Limb Differences (Limb Length Discrepancy)

Some babies and children have arms or legs of different lengths. This discrepancy may be present at birth or may occur later in life as the result of a bone break or an infection. Arm length discrepancies typically do not interfere with function or quality of life. However, leg length discrepancy (LLD) may cause a debilitating limp and require treatment.


  • Acquired. A baby or a child may develop LLD after a bone breaks in the leg or the limb becomes infected.
  • Congenital. A shinbone that is missing or short at birth is called a fibular hemimelia. A thighbone missing or short at birth is called a focal femoral deficiency. Excessive growth on one side of the body is called hemihypertrophy.
  • Idiopathic. A baby may have LLD for no apparent reason.


  • Back pain
  • Curvature in the back
  • Difficulty walking
  • Hip pain
  • Tightness in the heel
  • Walking on the toes


  • There is no way to prevent LLD.

Risk factors

  • Bone diseases. Multiple hereditary exostoses, neurofibromatosis and Ollier disease may contribute to LLD.
  • Bone infection. As the child grows, an infection may cause differences in the length of the legs.
  • Bone injury. After a break, a child’s leg may grow more quickly as the bone heals. This may continue for years, resulting in a leg that is longer.
  • Other existing health conditions. Inflammatory diseases like juvenile arthritis or neurological conditions may increase the likelihood of LLD.


  • Medical history and review of symptoms. The healthcare provider will ask the patents and child, if he or she is old enough, about physical function.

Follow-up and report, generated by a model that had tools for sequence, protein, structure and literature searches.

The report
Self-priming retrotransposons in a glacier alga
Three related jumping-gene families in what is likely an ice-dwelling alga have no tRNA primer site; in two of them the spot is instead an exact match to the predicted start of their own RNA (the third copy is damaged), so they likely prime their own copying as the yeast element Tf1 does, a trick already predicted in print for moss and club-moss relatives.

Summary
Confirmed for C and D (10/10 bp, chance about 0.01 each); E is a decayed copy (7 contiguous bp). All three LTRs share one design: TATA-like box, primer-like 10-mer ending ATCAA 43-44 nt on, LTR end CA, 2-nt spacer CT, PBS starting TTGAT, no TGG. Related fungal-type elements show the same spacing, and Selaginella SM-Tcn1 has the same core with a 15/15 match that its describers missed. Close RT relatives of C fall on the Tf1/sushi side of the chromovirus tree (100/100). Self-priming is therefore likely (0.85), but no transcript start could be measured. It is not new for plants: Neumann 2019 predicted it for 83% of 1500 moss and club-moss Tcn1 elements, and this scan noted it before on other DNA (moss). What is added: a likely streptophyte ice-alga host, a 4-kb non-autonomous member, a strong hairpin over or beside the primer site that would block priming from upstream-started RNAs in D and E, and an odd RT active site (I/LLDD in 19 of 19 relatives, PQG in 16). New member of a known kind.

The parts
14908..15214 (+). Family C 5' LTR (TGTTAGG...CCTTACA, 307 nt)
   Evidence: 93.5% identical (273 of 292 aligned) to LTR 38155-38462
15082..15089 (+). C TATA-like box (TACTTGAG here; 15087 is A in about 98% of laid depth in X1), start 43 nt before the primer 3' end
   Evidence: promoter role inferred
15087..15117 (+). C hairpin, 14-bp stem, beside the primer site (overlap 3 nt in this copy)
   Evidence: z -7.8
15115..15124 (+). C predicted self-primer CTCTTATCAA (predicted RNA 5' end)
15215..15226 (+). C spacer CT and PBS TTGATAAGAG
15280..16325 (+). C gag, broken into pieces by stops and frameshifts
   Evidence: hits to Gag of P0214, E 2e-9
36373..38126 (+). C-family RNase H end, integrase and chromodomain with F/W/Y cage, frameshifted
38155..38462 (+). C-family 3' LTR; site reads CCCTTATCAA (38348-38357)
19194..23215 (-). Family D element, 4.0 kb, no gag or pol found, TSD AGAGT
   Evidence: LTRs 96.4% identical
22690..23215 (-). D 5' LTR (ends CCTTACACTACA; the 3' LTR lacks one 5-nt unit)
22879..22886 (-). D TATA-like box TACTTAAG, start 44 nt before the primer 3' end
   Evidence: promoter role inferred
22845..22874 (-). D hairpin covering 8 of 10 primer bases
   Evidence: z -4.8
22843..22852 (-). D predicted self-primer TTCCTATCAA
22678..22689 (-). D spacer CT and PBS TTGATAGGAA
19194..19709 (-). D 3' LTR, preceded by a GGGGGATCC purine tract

• Physical exam. The child’s doctor may observe the way the child sits, stands and walks. A limp or walking on the toes may indicate LLD. The doctor will measure the child’s legs and may have him or her stand on a block to see how dramatic the discrepancy is.
  • Imaging. The doctor may order an X-ray to capture precise measurements of the LLD. A CT scanogram may also be recommended.


  • Conservative. A lift in the shoe may be used to manage mild LLD of about 2 centimeters or less.
  • Epiphysiodesis. If the child is still growing, a surgeon may perform this outpatient procedure to compress the growth plate in your child’s leg.
  • Surgical limb shortening. After the child has finished growing, a surgeon may shorten the longer leg by removing a portion of bone.
  • Surgical limb lengthening. A surgeon may place an external fixator or a different device inside the bone to lengthen the leg. This option is usually recommended when the discrepancy is 5 centimeters or more.

Follow-up care

  • After surgery, the child’s doctor will consult with the patient and his or her family regularly to closely observe bone alignment and quality.
  • Gentle exercise and physical therapy will help build strength and stability.


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